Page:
QE Who?

The Fed is set to grow its balance sheet. What does this mean?

The Fed is concerned that the economy is operating below its potential. During the first half of the year, the Congressional Budget Office estimated that the economy could have produced an annualized GDP of $14.1 trillion. Instead, the economy actually produced $13.2 trillion—a $900 billion gap. What’s a central banker to do?

During normal times, this would call for a rate cut. Lower short-term rates would cut the rates on prime business loans, increase corporate profitability and lead to more hiring. Also, rates on consumer loans and mortgages would fall, allowing people to refinance at lower rates and have more money to spend.

Lower rates help stimulate the economy. But short-term rates are almost zero, so the Fed has begun “quantitative easing.” In this strategy they will use bank reserves to purchase Treasury bonds, lowering long-term interest rates. The Fed currently has about $2 trillion on its balance sheet; that’s up from $500 billion at the beginning of 2009. By some measures, the Fed needs to grow its balance sheet by another $2 trillion.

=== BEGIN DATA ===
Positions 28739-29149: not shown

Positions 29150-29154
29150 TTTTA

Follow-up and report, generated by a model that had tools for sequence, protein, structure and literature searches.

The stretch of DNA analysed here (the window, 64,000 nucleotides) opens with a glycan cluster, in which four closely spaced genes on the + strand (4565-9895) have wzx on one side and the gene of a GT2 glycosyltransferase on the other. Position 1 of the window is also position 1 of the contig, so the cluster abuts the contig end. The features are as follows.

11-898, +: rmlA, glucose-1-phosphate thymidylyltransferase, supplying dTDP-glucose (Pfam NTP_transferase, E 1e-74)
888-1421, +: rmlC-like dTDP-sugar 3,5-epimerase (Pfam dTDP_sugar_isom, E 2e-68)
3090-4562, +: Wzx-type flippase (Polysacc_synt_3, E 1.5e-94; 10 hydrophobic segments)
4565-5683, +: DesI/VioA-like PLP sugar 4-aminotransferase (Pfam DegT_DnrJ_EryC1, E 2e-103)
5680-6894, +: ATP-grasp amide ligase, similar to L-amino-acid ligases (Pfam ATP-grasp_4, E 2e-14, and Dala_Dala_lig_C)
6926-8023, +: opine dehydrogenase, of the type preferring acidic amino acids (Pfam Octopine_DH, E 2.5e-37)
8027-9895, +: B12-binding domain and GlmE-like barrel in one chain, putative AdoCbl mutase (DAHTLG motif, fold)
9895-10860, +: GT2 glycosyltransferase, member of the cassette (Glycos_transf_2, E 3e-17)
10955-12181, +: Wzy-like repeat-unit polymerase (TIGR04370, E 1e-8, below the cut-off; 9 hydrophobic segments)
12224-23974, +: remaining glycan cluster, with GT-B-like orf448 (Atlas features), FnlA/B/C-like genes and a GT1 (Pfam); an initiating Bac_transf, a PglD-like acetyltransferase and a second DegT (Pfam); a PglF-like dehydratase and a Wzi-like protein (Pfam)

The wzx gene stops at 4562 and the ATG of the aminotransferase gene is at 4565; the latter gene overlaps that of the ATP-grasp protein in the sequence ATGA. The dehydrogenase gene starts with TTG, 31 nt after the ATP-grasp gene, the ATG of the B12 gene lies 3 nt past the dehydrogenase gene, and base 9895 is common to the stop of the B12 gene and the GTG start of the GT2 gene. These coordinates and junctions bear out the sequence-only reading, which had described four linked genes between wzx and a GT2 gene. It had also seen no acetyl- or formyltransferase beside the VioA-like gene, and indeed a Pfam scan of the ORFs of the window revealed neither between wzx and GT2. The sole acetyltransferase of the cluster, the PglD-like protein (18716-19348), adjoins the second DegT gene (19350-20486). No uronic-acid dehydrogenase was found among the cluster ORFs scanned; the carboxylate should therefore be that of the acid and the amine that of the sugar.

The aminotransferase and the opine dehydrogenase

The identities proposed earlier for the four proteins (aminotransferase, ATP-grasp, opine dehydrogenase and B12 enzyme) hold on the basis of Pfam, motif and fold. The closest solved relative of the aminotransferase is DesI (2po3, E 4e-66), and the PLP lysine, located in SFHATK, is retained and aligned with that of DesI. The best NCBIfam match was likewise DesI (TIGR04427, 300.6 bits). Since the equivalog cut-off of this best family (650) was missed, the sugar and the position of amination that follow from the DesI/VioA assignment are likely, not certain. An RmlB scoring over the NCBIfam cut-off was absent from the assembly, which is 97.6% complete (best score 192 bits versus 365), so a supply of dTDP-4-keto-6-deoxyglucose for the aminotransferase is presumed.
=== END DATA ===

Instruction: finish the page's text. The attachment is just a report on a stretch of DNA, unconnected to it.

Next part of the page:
All these reserves have some scared that the dollar will collapse and inflation will soar. It’s true that the dollar has fallen about 10% since QE was first floated. But that’s hardly a collapse. The real issue is how lower interest rates will help the economy. We’re already close to a liquidity trap where companies won’t spend their excess cash because of uncertainty. A weak financial system aggravates this mess.

If normal Fed policy is three yards and a cloud of dust, this is a long bomb. But these are extraordinary times, and they call for extraordinary measures. Let’s hope they work.

Douglas R. Tengdin, CFA
Chief Investment Officer
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